And that’s just England. What else do we know about the Victorian era? It was an age of Empire – of rapacious and bloody wars designed to repress and destroy the cultures of the countries we invaded. It was decades of white supremacy, building on the history of the previous centuries that treated other countries and other cultures as a resource for us to plunder. The experience of a Victorian living in India or Zimbabwe is miles apart from the romanticised gentility imagined in this article. There was nothing polite about Empire. It was bloody and brutal and nations are still living with the legacy of that brutality today.
Let alone the fact that this couple are American – whose ‘Victorian’ era included slavery, the Civil War and the origins of the Ku Klux Klan. I’ll say it again: the Victorian experience was not limited to white, middle upper class families.
Anyone who knows me knows about my love of vintage clothes. I have a gorgeous collection of 1920s, 1930s and 1940s frocks that I wear out and about to parties, revelling in the beautiful cut and delicious fabrics. But that love of a vintage aesthetic has never fooled me into thinking that ‘things were better when…’ (7 year-old book reading me aside). No woman should look back on the Victorian era and think of it as a better, more ideal time. We should never idealise a past where women were the legal property of their husbands, where we were forced to give up our rights as soon as we said ‘I Do.’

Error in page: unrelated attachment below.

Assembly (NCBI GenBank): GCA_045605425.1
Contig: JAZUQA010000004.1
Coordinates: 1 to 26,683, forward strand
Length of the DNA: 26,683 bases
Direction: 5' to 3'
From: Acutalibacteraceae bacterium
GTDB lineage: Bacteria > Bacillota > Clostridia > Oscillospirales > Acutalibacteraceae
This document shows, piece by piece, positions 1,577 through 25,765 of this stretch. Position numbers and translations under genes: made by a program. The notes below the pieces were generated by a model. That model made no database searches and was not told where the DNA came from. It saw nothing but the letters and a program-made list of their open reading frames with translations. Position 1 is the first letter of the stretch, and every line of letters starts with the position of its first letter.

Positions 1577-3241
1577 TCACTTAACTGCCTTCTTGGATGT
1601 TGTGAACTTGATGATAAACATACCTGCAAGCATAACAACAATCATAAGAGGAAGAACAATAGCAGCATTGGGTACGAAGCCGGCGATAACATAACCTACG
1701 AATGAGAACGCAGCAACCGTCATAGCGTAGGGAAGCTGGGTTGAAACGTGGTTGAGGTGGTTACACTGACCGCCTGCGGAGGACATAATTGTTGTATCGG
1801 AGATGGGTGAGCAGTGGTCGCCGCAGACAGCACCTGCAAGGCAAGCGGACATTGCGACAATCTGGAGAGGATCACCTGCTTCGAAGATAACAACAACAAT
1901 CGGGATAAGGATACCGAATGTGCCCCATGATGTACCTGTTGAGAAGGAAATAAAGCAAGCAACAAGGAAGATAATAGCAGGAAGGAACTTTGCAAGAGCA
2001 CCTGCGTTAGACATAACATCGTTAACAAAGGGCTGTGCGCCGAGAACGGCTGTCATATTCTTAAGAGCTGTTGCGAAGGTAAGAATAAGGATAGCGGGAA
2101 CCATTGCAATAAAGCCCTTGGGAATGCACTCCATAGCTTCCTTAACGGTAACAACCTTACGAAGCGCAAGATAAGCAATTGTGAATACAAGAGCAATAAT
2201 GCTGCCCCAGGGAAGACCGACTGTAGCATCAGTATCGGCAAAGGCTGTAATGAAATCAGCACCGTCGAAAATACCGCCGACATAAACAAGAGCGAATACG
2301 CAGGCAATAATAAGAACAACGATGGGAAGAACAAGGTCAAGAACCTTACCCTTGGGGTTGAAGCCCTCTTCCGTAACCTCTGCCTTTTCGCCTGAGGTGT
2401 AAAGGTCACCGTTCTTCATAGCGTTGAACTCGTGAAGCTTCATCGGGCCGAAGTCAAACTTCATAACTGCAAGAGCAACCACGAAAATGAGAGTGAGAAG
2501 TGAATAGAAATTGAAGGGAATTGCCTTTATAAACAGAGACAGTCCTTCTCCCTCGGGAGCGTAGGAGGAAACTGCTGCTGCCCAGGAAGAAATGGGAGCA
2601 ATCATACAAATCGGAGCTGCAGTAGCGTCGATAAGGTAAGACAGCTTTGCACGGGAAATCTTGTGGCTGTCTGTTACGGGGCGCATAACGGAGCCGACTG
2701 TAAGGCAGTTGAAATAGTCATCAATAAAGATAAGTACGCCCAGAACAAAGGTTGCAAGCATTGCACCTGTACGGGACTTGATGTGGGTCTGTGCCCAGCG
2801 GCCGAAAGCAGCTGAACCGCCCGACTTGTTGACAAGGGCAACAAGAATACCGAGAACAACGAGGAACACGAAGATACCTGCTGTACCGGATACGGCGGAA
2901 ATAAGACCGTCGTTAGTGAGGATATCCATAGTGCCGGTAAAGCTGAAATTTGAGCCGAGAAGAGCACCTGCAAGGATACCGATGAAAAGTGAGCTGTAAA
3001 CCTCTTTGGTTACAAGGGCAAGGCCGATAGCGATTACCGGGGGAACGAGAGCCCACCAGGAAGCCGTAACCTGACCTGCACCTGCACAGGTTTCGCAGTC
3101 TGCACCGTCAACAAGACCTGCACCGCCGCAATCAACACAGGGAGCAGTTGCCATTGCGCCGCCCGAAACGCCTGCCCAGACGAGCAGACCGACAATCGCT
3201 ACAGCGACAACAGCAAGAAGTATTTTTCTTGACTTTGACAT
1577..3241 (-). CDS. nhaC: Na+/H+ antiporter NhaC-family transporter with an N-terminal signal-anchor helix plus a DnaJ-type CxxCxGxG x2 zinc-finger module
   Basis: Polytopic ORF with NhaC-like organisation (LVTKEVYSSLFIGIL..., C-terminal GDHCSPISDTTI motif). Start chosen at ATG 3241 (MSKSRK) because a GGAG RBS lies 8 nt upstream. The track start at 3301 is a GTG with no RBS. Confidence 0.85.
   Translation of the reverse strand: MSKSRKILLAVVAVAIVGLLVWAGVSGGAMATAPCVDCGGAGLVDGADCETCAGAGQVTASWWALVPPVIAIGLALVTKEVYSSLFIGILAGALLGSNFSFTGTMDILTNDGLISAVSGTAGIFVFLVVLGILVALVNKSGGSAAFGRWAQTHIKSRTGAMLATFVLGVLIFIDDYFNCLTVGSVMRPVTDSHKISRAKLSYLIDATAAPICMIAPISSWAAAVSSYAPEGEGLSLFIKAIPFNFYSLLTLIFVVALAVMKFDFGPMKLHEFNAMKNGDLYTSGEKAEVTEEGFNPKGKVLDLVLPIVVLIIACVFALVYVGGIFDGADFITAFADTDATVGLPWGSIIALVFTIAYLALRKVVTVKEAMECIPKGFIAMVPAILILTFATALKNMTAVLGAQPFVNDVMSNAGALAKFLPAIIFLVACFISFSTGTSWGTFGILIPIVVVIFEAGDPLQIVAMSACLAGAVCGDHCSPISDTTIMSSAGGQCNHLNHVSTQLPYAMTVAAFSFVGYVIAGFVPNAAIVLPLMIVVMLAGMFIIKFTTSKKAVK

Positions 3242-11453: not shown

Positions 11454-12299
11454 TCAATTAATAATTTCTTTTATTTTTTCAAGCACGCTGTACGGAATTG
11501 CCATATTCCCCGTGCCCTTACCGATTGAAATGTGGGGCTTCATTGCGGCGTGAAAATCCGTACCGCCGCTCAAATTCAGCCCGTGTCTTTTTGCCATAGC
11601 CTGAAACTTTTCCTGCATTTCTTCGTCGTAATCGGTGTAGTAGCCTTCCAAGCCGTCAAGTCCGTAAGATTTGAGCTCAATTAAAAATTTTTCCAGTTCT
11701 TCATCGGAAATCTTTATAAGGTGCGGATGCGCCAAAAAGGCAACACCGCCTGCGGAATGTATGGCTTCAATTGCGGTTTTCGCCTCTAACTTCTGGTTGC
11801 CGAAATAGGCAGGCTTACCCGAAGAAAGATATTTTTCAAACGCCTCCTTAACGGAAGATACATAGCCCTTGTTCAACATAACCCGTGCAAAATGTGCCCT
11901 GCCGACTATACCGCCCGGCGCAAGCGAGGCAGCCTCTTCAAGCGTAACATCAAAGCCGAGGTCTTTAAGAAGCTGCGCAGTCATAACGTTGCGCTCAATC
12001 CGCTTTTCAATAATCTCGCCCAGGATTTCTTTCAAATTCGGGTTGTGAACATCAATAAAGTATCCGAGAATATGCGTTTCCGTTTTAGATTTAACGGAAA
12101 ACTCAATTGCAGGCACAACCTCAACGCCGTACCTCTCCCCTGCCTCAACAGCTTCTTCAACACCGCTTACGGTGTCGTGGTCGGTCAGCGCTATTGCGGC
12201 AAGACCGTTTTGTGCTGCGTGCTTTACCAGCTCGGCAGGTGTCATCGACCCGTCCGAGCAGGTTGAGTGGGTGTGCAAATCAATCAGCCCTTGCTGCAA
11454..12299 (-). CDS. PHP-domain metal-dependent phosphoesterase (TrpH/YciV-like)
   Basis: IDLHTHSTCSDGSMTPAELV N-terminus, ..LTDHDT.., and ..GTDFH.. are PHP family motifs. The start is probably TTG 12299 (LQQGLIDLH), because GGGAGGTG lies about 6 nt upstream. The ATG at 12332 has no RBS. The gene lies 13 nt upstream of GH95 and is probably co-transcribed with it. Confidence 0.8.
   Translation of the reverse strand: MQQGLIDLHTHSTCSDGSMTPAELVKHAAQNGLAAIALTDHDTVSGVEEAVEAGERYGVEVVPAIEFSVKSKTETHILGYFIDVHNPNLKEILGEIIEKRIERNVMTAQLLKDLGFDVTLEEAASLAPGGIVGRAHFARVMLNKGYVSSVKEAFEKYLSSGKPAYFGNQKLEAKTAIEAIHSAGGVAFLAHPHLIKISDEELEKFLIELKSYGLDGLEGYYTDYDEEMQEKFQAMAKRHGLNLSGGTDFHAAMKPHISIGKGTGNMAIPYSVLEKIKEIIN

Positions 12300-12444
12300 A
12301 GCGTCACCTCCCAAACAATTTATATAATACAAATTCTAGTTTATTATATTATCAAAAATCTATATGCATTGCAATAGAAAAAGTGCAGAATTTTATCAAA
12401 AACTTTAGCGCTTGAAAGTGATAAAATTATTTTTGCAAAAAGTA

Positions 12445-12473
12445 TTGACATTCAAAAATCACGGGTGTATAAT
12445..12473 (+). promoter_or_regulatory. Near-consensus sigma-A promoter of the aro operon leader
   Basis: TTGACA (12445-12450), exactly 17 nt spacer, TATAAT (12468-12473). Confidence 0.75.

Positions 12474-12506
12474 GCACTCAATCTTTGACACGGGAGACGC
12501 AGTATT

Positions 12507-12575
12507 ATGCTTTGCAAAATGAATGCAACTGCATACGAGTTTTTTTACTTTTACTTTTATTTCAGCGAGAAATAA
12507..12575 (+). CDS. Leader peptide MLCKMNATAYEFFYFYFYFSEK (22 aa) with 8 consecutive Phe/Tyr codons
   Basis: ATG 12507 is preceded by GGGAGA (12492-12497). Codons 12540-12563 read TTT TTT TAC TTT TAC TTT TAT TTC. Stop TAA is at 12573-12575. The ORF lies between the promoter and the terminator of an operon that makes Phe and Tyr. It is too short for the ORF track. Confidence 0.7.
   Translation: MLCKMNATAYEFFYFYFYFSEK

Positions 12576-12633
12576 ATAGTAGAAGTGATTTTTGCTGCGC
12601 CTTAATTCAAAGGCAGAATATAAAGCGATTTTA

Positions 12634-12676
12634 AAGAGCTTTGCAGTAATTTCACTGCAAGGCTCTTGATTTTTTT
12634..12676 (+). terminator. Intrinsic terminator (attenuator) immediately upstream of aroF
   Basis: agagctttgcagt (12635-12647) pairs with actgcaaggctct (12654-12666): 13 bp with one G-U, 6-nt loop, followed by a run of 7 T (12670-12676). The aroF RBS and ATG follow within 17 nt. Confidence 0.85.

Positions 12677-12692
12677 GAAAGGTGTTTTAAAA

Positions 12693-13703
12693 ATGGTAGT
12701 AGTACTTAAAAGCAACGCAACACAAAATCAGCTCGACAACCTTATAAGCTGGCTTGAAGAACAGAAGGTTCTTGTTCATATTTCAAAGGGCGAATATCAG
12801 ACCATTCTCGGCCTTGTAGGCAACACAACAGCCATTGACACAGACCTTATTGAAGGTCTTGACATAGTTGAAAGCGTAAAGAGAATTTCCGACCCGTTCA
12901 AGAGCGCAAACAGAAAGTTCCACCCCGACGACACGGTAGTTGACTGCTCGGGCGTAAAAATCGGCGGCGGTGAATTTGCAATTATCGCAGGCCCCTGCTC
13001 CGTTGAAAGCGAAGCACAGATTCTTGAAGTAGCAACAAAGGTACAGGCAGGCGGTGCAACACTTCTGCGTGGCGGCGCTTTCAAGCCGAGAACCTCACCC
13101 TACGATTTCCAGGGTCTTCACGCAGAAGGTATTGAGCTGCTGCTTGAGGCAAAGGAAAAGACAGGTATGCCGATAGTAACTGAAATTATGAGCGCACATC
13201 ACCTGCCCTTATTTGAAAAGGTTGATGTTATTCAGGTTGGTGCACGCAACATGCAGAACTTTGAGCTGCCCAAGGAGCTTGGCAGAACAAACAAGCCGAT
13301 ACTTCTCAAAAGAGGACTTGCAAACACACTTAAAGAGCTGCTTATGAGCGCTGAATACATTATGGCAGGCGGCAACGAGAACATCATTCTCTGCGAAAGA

In the UK, women fought hard for our rights during the 19th century. They fought to change the divorce laws that said women had to prove adultery and cruelty against their husbands, whilst men only needed to prove adultery. They fought to change the laws so after divorce, they could maintain custody of their children. Women stood with the Chartists under the mistaken belief that an extension of suffrage to men would lead to suffrage for women. Women went to prison to secure the right to vote. Women worked together to improve education for girls, labour rights for men and women – they fought and fought and fought to have the rights we take for granted today.